One of the problems with long form commentary, is that often as not the subjects that come up are subjects you’ve come across, and written about, before. Today is one such happening. You see, yesterday, I took the boys to the company picnic, which was, as it was last year, at a local Amusment park… a well respected one… and the respect is well deserved.
This year, my wife didn’t get to some along, due to her recent surgury, but she put sunscreen on her boys and sent them along with a hug, to drag their father from ride to ride again, as in past years. (An aside to those asking about Donna; Shes doing very well. Your support has been most helpful to us both. A heartfelt thanks for all the well-wishes in the mails of late, to all of you. Your kindness will not be forgotten- Bit)
It was a fine day, with both family and freindships reinforced, and one I enjoyed totally.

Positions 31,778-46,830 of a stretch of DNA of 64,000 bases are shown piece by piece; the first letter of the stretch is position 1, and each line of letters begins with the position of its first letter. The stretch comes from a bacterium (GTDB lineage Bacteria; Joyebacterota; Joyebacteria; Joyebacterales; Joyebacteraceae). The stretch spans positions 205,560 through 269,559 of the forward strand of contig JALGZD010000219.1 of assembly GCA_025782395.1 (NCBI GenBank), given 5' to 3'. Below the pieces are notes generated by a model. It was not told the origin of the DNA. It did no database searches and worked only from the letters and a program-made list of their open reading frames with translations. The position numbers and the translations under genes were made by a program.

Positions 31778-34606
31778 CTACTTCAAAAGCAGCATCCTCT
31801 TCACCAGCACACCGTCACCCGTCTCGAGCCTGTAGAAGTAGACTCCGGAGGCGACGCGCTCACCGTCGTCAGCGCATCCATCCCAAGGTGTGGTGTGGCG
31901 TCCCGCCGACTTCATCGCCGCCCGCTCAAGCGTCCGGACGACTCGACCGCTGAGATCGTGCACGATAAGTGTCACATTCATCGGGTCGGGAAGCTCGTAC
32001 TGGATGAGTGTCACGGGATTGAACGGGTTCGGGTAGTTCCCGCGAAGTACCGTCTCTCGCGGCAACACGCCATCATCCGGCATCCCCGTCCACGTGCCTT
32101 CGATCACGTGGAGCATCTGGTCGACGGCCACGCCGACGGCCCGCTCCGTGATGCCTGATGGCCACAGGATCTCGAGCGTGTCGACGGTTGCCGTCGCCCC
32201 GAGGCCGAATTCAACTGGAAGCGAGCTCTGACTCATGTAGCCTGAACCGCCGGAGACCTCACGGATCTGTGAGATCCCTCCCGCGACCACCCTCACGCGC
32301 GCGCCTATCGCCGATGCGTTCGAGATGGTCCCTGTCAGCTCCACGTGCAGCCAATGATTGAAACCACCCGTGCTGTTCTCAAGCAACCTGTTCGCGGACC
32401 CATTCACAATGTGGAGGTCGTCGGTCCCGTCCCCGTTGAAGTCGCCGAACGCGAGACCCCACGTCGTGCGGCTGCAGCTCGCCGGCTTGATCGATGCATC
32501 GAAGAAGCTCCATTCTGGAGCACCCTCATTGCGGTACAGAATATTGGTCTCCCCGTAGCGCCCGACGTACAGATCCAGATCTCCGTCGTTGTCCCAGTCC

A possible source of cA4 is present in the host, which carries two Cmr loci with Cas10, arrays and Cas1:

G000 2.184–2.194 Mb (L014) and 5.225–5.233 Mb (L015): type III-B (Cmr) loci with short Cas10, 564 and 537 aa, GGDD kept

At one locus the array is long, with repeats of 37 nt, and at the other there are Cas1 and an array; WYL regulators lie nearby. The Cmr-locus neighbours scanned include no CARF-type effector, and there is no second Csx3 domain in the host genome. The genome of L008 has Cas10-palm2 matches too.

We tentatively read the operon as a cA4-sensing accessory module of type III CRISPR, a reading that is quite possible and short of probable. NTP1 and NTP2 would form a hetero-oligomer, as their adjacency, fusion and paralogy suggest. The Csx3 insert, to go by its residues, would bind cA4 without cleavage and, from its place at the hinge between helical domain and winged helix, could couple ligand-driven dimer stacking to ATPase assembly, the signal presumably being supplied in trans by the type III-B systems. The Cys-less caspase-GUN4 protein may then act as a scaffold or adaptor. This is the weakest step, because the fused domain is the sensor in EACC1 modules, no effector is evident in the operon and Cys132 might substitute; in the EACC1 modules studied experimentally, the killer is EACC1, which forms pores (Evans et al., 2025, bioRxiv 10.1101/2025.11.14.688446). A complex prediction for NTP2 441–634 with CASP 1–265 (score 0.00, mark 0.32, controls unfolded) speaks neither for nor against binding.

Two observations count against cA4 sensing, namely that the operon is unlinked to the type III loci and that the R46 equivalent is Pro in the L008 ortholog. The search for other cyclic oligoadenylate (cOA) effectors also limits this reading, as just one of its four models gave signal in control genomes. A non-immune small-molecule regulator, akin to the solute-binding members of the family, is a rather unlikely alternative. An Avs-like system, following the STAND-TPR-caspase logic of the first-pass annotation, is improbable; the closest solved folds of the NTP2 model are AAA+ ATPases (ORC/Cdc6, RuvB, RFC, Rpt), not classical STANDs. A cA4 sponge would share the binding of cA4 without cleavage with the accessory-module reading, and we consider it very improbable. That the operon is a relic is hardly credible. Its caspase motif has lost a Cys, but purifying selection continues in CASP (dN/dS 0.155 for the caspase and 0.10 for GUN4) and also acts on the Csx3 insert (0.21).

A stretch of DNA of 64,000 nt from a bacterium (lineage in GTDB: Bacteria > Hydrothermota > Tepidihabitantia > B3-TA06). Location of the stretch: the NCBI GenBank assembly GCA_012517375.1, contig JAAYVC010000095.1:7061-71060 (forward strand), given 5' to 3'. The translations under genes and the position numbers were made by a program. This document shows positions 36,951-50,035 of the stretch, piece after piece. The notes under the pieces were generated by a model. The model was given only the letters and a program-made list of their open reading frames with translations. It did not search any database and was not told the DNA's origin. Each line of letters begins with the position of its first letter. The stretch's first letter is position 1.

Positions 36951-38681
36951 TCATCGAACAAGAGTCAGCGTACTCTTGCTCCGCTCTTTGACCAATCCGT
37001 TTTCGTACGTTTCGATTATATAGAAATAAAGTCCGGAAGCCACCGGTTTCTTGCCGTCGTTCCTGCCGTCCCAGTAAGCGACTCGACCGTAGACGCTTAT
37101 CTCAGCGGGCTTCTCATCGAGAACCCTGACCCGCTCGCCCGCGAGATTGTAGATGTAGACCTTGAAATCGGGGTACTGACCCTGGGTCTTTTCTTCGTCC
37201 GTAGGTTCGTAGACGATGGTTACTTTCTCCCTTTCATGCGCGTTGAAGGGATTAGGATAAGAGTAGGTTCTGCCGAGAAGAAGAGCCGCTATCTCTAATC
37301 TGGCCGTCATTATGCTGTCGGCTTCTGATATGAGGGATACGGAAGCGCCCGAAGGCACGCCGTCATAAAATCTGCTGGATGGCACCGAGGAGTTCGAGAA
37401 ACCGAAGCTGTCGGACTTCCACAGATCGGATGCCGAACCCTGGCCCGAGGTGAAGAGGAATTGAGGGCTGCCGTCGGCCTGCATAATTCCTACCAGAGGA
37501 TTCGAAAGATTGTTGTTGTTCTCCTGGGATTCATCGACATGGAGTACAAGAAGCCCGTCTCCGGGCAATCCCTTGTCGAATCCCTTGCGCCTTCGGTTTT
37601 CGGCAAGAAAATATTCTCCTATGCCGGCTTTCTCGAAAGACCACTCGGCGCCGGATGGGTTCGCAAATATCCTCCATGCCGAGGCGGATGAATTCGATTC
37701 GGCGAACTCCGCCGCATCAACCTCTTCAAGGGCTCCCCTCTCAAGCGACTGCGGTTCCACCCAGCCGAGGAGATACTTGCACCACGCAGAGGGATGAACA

In thinking on what to write, however, I was forced to re-read what I’d written a year ago… and in the end, decided I couldn’t say it better than I did last year, because what I wrote then still rings true. And, anyway, I find it strangely in keeping with the spirit of constsancy I found about the place last year, that I should repost what I said then, some 50 weekly columns ago;
Living along the southern shore of Lake Ontario, one is presented with a number of unique places to experience. One of them is, to my understanding the only Amusement park of any serious size along the south shore... SeaBreeze Amusement Park, which is just outside Rochester.
The Seabreeze of today is sort of the last man standing.
Rochester had several amusement parks years ago that one thought about spending their time at. 25 years ago, one had Roseland,  southeast of Rochester in nearby Canandaguia, and Olympic Amusement Park in the town of Chili (pronounced Cha eye-l-eye, if you're a local)
Roseland and Seabreeze were by far the older... Olympic was the upstart. Olympic had rides that were designed to travel around to state fairs and whatnot, whereas the other two had a sense of permanency about them.